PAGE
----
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Student loan bailout heavily benefits millennials and Gen Z: Federal Reserve study

President Biden’s possible $10,000 student loan amnesty would primarily benefit young people

The 60 percent of millennials and Gen Z members who voted for President Joe Biden over Donald Trump in 2020 are also most likely to benefit from student loan amnesty.

President Biden has said he is open to canceling $10,000 in student loans through executive action, a move that would primarily benefit young people, a Federal Reserve Bank of New York team concluded.

Its recently released report concluded “forgiveness of $10,000 per borrower would forgive a total of $321 billion of federal student loans” and “eliminate the entire balance for 11.8 million borrowers (31.1 percent).” It would also “cancel 30.5 percent of loans delinquent or in default prior to the pandemic forbearance.”

The economists evaluated both a $10,000 amnesty and a $50,000 plan and concluded in both cases “over 60 percent of forgiven loan dollars benefit those under 40 years old.” President Biden recently said he does not plan to ask taxpayers to pick up the tab on $50,000 in student debt per borrower. He has previously dismissed the legality of wiping away $50K through executive order.

“While income caps do not significantly change the share of forgiveness going to each age group, increasing the forgiveness amount from $10,000 to $50,000 shifts a larger share of forgiven debt to older borrowers,” the researchers wrote. “However, those over 60 years old benefit the least from forgiveness.”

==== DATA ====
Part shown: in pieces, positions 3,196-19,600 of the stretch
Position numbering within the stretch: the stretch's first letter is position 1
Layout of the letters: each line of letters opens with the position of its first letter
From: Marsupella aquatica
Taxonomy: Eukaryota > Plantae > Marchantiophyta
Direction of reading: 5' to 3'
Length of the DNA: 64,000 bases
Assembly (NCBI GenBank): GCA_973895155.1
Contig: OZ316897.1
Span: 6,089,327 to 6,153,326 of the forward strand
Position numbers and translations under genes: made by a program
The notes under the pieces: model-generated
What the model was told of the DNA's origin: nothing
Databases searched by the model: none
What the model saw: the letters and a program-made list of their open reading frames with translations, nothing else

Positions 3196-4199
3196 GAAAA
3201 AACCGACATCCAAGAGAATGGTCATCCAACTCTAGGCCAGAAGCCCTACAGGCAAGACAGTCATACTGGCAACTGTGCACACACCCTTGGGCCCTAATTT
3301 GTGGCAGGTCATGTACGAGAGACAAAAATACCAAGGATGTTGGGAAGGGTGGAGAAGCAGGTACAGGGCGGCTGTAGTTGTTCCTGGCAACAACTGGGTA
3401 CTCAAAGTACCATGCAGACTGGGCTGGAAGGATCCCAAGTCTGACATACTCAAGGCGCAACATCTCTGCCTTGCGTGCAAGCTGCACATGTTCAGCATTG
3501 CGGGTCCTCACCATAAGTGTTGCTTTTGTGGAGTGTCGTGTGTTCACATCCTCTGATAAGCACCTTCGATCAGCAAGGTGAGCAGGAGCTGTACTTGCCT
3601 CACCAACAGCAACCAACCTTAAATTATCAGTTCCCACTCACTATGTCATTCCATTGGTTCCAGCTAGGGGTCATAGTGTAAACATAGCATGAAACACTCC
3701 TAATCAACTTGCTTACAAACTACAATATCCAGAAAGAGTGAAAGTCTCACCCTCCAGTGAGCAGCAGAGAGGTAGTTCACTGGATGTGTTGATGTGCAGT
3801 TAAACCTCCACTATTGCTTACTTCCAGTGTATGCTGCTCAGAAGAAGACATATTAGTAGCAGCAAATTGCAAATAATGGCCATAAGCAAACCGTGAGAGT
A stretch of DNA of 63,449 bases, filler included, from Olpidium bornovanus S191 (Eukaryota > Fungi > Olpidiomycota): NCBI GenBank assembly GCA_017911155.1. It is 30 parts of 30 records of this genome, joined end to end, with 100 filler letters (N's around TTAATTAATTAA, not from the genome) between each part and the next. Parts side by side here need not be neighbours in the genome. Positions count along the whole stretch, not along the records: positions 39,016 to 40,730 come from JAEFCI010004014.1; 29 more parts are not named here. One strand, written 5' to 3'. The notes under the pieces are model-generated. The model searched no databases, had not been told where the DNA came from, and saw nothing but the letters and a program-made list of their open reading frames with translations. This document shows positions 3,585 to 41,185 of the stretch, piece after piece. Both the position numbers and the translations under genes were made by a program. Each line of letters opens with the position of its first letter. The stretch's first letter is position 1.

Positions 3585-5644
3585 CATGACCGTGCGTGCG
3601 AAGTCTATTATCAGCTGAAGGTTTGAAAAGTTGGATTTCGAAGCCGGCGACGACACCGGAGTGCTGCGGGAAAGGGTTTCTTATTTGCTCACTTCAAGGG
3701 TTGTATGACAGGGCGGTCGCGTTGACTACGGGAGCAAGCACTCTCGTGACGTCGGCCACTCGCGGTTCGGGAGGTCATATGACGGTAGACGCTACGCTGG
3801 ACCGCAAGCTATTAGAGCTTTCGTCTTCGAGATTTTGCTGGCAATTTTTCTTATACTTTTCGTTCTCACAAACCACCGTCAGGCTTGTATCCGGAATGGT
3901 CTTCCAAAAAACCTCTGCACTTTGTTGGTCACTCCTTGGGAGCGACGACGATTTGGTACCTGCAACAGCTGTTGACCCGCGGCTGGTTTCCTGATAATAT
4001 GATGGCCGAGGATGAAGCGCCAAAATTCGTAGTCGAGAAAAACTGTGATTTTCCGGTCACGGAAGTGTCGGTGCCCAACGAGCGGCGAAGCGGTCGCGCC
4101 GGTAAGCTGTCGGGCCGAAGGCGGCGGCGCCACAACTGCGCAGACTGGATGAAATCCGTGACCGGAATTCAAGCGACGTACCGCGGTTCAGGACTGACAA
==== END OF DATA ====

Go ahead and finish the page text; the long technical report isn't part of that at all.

“Despite being 32 percent of the U.S. adult population, those 60 and older only receive around 6 percent of forgiven dollars, roughly in line with the share of this age group that owes federal student loans,” the Federal Reserve team reported.

MORE: Student loan cancelation would raise college costs, economist predicts

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About the Author
Associate Editor
Matt has previously worked at Students for Life of America, Students for Life Action and Turning Point USA. While in college, he wrote for The College Fix as well as his college newspaper, The Loyola Phoenix. He holds a B.A. from Loyola University-Chicago and an M.A. from the University of Nebraska-Omaha. He lives in northwest Indiana with his family.